City to Go Seriously Green

The county’s recent pledge to reduce greenhouse emissions is nice, but Seth Rosen writes in the Progress that the city will be taking some pretty impressive concrete steps along the same lines. Council will require the city to reduce carbon emissions, buy electricity produced sustainably, and even create a power co-op with other buyers to demand renewable energy from Dominion. The paucity of renewable energy prevents council from setting benchmarks, unfortunately. The commitment to buying power from local producers is especially awesome, though I wonder how it will work. If I stick a 3KW solar panel array on my roof, how will the city get the energy that I produce? Would they buy credits from me, while I just net meter that power back into Dominion’s grid? (I wrote a bunch about this very topic earlier this year.)

Council will vote on this Monday night, where it will almost certainly pass.

9 Responses to “City to Go Seriously Green”

  • How about buying smaller buses that can go more places and might be filled?

  • Agreed! This has been a topic on this board a few months ago. The transit system in this town is awful. It loses millions and above that they built a “Transit Center” which is basically empty most of the time. You see these huge buses nearly running people over in crosswalks, spewing out fumes and most of them have about 2 people in them at any given time. You could scale down to a few mini vans and people would still get to where they need to. JC

  • The smaller buses can not transport wheel chairs and baby strollers.

  • I kind of wonder if more people would ride buses if they actually thought they could get someplace faster… I think it’d be interesting to explore the idea of creating lanes/roads for just mass transit, and giving buses the same power to flip the lights that the Rescue Squad does.

    As far as UVa goes, I know I don’t use the buses simply because they provide no benefit. By the time I drive all the way to Scott Stadium, I’m already only minutes from work. It makes no sense to wait 30 minutes for a bus. If they put the parking and the lots on the edge of the city then it’d make more sense for commuters. In fact, I’d love to see buses going from high density areas like Crozet and Forest lakes to the university area. (maybe they already exist and I don’t know about them?)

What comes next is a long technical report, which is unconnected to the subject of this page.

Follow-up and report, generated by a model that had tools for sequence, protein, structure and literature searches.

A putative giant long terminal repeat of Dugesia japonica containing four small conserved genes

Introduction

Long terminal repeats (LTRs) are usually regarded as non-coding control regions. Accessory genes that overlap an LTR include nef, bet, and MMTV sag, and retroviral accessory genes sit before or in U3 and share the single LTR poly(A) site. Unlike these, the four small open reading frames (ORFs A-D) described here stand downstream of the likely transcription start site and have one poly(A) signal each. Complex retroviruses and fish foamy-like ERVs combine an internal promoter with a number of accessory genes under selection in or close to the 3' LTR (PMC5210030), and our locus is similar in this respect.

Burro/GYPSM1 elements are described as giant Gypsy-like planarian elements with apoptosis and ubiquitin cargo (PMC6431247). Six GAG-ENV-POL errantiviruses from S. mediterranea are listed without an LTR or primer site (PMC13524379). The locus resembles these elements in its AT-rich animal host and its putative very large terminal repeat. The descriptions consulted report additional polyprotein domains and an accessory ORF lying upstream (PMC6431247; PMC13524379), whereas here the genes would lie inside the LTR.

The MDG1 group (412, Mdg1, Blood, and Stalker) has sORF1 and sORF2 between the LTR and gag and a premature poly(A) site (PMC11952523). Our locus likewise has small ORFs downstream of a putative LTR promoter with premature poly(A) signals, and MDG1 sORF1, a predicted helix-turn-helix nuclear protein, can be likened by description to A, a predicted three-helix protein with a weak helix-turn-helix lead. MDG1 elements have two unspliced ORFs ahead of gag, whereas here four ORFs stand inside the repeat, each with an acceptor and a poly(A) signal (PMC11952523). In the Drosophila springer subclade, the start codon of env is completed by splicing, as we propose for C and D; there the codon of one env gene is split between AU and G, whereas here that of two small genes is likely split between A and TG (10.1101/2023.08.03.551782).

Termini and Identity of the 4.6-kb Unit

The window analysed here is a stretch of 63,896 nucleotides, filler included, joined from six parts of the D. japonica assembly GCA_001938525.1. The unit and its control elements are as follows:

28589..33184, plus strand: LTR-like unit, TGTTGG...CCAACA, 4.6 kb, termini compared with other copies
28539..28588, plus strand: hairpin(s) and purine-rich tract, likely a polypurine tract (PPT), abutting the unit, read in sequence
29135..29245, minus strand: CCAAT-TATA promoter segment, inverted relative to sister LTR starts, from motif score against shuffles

Regarding greening the city, I’d also like to see more incentives for green design features.

  • The transit center is probably the most worthless project the city has ever approved. Its not even open during the early morning rush hour(before 8am) when many people who ride CTS are out.
    The Pavilion may be hideous, but at least it serves a purpose(concert venue). But all the transit center does is sit there and give City Council a reason to pat themselves on the back about yet another “wonderful project” they have done.

  • The transit center is far more beautiful than the Himalayan fir tree that it replaces. HollowBoy, you must remember that any money spent in the name of transit (and tourism) is a positive thing. You must trust in the wisdom and experience of our city fathers.

  • And the building is greener than the fir.

  • Yes the downtown mall….a great tourist attraction where people can go to trip for free on the 5O year old bricks with holes and cracked mortar. Wait, I take that back. They can go look at the abandoned rat infested buldings across from the Cville building or better yet the Jefferson Theater which resembles an abandoned mine shaft. Welcome to our glorious town, come one..come all! JC

  • Which says we must spend millions more to make it truly a grand area for the tourists to see.

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